Whilst driving along in my clapped-out Cortina the other day, merrily listening to the chart rundown on BBC Radio 1 and wondering why Peter Gabriel hadn't yet made the top spot, I began to play the 'guess the drum machine/synth/sampler' game to keep the old grey-matter active.
Now I admit that my ears are fairly well atuned to the sounds of such things, but I was nevertheless struck by how easy it was to recognise the instrument technology being used on current records. Yamaha's DX7 was the main contender for the 'most easily recognisable keyboard' award - due primarily to the drastic lack of deviation from the factory preset sounds used by (presumably) session players.
The number two place was occupied by the equally ubiquitous Fairlight MkII, the cliched use of whose preset 'aaagh' vocal samples I found instantly recognisable. And that's ironic because I seem to recall reading a quote taken from Fairlight's early advertising blurb in Ray Hammond's excellent book 'The Musician & The Micro', which stated words to the effect that the Fairlight was a totally 'transparent' instrument with no characteristic 'sound' of its own. It became apparent that it wasn't purely the lazy and uninspired way that artists stuck rigidly to the supplied instrument sounds that made recognition an easy task, it had more to do with the limitations of the sound generating technology instruments employed that created their audio 'characteristics'. Take low-cost samplers as an example.
The fact that most samplers have constricted bandwidths and are limited to taking a (relatively) short duration sample, makes them less well-suited to legato styles of music. That, coupled with their obvious widespread appeal, goes some way to explaining why the backbone of most modern day songs are short, highly impactive, staccato melodies and rhythms created from sampled drums and sampled brass stabs etc.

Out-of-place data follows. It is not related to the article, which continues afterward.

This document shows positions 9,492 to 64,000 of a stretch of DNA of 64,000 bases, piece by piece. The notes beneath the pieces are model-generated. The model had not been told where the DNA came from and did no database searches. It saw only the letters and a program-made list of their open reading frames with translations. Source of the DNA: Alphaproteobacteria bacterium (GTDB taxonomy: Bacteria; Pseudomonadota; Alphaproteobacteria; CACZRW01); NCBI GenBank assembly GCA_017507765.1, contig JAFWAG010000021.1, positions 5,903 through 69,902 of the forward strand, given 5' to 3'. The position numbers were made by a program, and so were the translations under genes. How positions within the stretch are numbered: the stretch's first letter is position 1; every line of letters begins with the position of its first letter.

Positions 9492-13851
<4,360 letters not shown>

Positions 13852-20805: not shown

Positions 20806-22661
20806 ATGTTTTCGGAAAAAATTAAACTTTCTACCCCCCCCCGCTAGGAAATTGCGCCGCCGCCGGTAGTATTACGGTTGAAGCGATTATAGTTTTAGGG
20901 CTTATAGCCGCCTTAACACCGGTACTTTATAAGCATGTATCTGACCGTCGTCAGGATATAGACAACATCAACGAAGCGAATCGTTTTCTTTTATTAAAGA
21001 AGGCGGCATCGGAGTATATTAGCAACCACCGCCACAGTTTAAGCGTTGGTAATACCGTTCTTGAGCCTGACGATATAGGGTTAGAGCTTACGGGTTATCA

It's the same reason why so-called 'electronic music' was considered very robotic in its infancy - early synthesizers could only generate acoustically simple sounds and synthesizer keyboards allowed no means for the player to add expression; they were merely convenient triggering devices switching notes on or off, so naturally they added a robotic element to the music.
But as the technology improved to provide the means, expression has been re-introduced to synthesizer players and the results are to be heard in the music they now produce - it's overwhelmingly more 'fluid' in nature than early Tangerine Dream, Faust et al.
The musical consequence of synthesizer development is analogous to the advances made from the harpsichord to the piano: new styles of music were composed specifically to incorporate and showcase the characteristic harpsichord sound (cf. early electronic music), whilst the piano's sound was less constricting and thus it found applications within many varied musical forms. The present generation of synthesizers are the same - they can be heard on such diverse genres as country music and gospel as well as hi-tech rock.
Samplers are following an identical trend: as sample memory expands on machines now hitting the market, the sampler moves away conceptually from being a gimmicky effects generator and into the realm of a 'recorder' of sounds. And that again has an effect on the music we find being produced on these machines.
Listening to the new Fairlight III at Syco recently, it was exactly the 'transparency' to the samples originally claimed by Fairlight for their first-generation machines that was so overwhelming. Soon there will be no attributable characteristic to any of these machines once the sample reproduction quality surpasses the resolution/bandwidth limitations of the human hearing system. Then it'll really be interesting to see how that affects the future music that's produced!
Finally, here's an open invitation to all those attending the forthcoming APRS 86 exhibition (Wednesday June 25th - Friday 27th) at Olympia 2, London. Sound On Sound have a stand at the show and staff will be there en masse, so please stop by and tell us what you think of the magazine and how it can be improved. If you're not attending, then you could always write...
Editorial by Ian Gilby
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